Moving from traditional to virtual
Updated: Jan 24
Moving from traditional in-person learning of a piece of music to running a similar process virtually requires a bit of a paradigm shift. How educators teach and how students learn will be different processes when working towards a virtual performance.
One of the key components in the success of an Our Virtual Ensemble project is choosing a piece of literature that has several key characteristics. This is especially important when embarking on your first project, as it will help students stay nearer to their comfort zones.
Be mindful of these key characteristics in the piece you select for a virtual performance:
Moderate tempo: Repertoire that is too fast or too slow can present challenges to performers when recording to a click track. It’s best to stay in the range of 88 to 144 beats per minute.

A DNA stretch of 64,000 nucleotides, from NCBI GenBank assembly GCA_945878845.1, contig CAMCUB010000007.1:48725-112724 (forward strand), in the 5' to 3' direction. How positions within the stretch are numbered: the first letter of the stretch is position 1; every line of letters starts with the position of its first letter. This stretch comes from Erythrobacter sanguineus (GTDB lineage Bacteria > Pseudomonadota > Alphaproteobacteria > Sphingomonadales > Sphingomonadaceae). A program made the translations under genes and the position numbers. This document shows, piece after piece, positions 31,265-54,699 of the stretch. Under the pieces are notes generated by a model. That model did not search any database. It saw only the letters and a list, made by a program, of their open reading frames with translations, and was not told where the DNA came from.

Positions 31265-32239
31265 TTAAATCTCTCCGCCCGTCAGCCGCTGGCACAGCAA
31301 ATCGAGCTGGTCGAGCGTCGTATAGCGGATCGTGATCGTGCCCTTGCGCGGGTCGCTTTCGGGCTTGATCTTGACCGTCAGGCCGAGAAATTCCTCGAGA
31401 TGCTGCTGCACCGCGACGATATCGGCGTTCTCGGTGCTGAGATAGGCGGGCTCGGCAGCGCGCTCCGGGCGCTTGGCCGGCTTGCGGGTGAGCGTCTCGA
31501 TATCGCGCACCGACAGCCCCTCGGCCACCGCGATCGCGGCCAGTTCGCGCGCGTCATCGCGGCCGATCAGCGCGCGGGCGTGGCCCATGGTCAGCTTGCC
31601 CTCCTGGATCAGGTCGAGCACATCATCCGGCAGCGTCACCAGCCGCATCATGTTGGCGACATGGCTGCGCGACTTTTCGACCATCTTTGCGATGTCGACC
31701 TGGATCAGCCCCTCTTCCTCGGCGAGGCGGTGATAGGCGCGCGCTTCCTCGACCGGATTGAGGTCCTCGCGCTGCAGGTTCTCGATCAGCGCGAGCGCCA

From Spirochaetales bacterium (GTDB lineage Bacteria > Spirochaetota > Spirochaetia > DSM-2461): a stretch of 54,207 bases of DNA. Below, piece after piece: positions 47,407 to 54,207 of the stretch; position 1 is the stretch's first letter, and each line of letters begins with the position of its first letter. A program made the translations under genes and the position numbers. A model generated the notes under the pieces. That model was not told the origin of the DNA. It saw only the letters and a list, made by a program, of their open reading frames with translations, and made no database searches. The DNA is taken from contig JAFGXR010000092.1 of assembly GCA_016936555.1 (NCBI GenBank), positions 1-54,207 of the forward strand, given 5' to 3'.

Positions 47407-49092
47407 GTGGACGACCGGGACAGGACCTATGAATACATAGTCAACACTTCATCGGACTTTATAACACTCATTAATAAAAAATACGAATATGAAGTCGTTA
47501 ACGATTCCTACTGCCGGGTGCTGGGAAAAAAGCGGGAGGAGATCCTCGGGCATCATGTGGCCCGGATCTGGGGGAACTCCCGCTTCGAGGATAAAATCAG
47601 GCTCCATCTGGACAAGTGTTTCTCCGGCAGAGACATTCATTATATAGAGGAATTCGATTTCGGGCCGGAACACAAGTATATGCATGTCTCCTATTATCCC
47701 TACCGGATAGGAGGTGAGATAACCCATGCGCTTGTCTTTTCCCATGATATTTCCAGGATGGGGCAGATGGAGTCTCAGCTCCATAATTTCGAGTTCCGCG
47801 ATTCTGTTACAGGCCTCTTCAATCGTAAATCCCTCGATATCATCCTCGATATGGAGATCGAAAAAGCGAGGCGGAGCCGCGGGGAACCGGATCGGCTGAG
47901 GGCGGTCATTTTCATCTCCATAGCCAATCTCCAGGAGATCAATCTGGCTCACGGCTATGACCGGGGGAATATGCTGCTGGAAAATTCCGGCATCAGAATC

A Consistent tempo throughout: While this is not a dealbreaker, it is certainly more challenging for performers to record videos to a click track that contains accelerandos, retardandos, fermatas, and/or tempo changes.
Appropriate difficulty level: It is advised to select literature that is slightly less demanding than your ensemble is accustomed to. This becomes less of a factor as the performers are involved in subsequent projects, but it can be a barrier to success when performers are still adjusting to the modified learning and recording process.
Strengths and weaknesses of your ensemble: The areas where your ensemble is less proficient can be amplified and exacerbated in the virtual ensemble environment. Think of it this way; it’s like putting a microphone next to every single performer in your ensemble. In that regard, carefully review your selections to be sure you are setting the performers up for the maximum level of achievement and not risking exposure of areas of weakness.
In summary, take the time to select a piece that will allow your ensemble to shine and promote a sense of accomplishment among your performers. We would all love to be performing in person together again, but until then, let’s make music together virtually and have fun doing it!